I spent hours with flashlight, mirror, and hand-held camera looking for that d******d drain with no luck. Wolfgang and Barbara did the same to no avail and even Sophia assisted (although she kept on "discovering" it to be disappointed when I explained that she'd found some big red electric connections rather than a small black hollow hose. I ended up removing the fuel filter assembly and part of the electric panel to access the area and finally saw that the manual did not depict the actual engine layout and I had no idea at all on how to drain the coolant.
I had written e-mails to VW, Cummins, Jeanneau and to my dealer and installer in the USA asking if they had expertise and knowledge but my only reply was from Mark Sims who was looking into it. By this time it was late and I was tired and frustrated so we called it a night, went ashore for a late dinner and then returned for another night at the docks in Guadeloupe.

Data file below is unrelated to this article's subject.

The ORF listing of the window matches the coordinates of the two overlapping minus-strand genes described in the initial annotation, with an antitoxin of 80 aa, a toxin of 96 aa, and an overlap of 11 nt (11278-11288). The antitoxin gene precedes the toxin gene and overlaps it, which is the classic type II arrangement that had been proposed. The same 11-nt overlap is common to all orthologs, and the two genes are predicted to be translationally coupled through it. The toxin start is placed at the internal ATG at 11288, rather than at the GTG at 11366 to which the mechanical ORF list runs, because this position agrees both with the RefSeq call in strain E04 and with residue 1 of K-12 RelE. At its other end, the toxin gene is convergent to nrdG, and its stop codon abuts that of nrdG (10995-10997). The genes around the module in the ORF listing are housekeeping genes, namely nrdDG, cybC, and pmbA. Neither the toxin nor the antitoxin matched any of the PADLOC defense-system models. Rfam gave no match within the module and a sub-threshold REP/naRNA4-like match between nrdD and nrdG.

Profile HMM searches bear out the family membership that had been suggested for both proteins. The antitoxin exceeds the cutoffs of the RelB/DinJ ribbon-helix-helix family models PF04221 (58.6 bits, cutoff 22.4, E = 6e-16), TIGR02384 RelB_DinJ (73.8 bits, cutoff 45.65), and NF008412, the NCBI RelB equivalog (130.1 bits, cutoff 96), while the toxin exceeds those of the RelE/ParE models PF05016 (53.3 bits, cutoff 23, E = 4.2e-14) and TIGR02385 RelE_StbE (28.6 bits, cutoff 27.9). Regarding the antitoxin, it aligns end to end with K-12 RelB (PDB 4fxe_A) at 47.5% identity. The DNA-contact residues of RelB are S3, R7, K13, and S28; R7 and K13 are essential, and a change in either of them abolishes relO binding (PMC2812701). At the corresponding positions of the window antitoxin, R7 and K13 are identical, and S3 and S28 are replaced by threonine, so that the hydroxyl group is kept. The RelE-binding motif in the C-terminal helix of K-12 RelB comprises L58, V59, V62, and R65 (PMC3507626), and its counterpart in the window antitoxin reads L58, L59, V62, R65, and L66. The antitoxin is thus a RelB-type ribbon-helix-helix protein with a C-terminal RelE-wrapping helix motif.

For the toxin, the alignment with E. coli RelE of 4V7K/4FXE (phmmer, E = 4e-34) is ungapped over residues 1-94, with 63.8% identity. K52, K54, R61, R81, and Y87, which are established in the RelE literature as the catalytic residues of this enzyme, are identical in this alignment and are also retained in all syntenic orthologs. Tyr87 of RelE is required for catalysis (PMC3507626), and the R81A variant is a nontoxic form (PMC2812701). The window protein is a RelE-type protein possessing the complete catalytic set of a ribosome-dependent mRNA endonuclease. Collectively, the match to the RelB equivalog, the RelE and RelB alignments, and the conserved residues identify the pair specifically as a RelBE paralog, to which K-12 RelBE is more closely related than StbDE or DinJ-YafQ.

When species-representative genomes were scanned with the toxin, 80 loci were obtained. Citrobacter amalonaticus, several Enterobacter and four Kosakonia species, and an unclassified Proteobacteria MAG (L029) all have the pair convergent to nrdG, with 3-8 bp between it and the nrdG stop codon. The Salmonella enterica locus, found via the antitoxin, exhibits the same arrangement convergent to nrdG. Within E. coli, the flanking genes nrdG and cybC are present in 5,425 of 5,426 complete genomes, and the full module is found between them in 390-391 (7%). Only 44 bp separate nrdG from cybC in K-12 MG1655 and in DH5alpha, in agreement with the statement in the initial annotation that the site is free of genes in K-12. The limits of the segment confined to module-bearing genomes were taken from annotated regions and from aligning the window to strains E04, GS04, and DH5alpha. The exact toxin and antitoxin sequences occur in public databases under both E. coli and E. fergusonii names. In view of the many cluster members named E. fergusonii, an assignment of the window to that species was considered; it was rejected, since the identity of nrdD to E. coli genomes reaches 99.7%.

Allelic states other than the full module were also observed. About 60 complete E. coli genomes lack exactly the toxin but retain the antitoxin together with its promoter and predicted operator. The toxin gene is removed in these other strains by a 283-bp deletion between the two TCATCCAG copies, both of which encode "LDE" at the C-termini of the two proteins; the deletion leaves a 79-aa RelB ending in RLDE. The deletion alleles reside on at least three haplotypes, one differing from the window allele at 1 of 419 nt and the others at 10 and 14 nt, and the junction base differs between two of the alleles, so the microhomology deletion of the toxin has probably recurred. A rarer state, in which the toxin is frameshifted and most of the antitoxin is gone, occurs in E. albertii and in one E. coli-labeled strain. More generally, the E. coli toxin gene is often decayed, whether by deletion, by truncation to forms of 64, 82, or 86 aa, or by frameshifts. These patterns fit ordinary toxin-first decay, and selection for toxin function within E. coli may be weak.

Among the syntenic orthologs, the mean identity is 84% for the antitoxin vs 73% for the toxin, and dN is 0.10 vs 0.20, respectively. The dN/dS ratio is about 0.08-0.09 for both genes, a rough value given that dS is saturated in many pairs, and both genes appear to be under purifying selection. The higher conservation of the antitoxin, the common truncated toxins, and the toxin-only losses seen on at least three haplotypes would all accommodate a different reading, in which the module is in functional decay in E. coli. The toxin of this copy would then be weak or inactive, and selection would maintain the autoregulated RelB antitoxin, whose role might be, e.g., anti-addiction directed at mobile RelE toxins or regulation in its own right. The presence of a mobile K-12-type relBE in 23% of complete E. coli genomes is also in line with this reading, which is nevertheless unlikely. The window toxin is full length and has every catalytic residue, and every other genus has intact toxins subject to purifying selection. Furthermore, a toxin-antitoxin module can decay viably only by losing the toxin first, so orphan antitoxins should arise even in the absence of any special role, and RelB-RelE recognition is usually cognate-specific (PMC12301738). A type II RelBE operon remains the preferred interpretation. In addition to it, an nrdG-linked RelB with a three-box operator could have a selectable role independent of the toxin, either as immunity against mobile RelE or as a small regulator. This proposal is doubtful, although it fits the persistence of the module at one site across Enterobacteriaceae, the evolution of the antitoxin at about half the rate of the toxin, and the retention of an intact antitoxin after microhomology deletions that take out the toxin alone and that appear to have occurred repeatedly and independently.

Extracting old oil The old oil is sucked up out of the generator using the manual pump.
(2013-03-27 12:43:34 NIKON D7000 with a "18.0-200.0 mm f/3.5-5.6" lens. [f/4.2, 1/30s] ISO 320 Focus 2.00m)
Extracting old oil
VW Engine oil change The oil filter is to the upper left of the 2 water strainers and is very easy to access and remove without making a mess.
(2013-03-27 15:27:12 NIKON D7000 with a "18.0-200.0 mm f/3.5-5.6" lens. [f/3.5, 1/60s] ISO 320 Focus 2.66m)
VW Engine oil change
Accessing the oil drain pump The VW engine has an electric oil-change pump, but the switch is located in a position where one needs to remove part of the galley storage area in order to access.
(2013-03-27 15:27:25 NIKON D7000 with a "18.0-200.0 mm f/3.5-5.6" lens. [f/3.5, 1/30s] ISO 320 Focus 1.50m)
Accessing the oil drain pump
Extractor pump and new oil The manual extractor pump behind the 2 new oil containers for the generator.
(2013-03-27 12:08:13 NIKON D7000 with a "18.0-200.0 mm f/3.5-5.6" lens. [f/4.5, 1/25s] ISO 320 Focus 1.68m)
Extractor pump and new oil
Old oil and filters The old oil from the generator as well as from the main engine ready for disposal.
(2013-03-27 13:32:34 NIKON D7000 with a "18.0-200.0 mm f/3.5-5.6" lens. [f/3.5, 1/40s] ISO 320 Focus 1.00m)
Old oil and filters
VW oil extractor switch The yellow button on the far side of the engine electric panel is the oil drain pump.
(2013-03-27 15:27:32 NIKON D7000 with a "18.0-200.0 mm f/3.5-5.6" lens. [f/3.5, 1/6s] ISO 320 Focus 0.79m)
VW oil extractor switch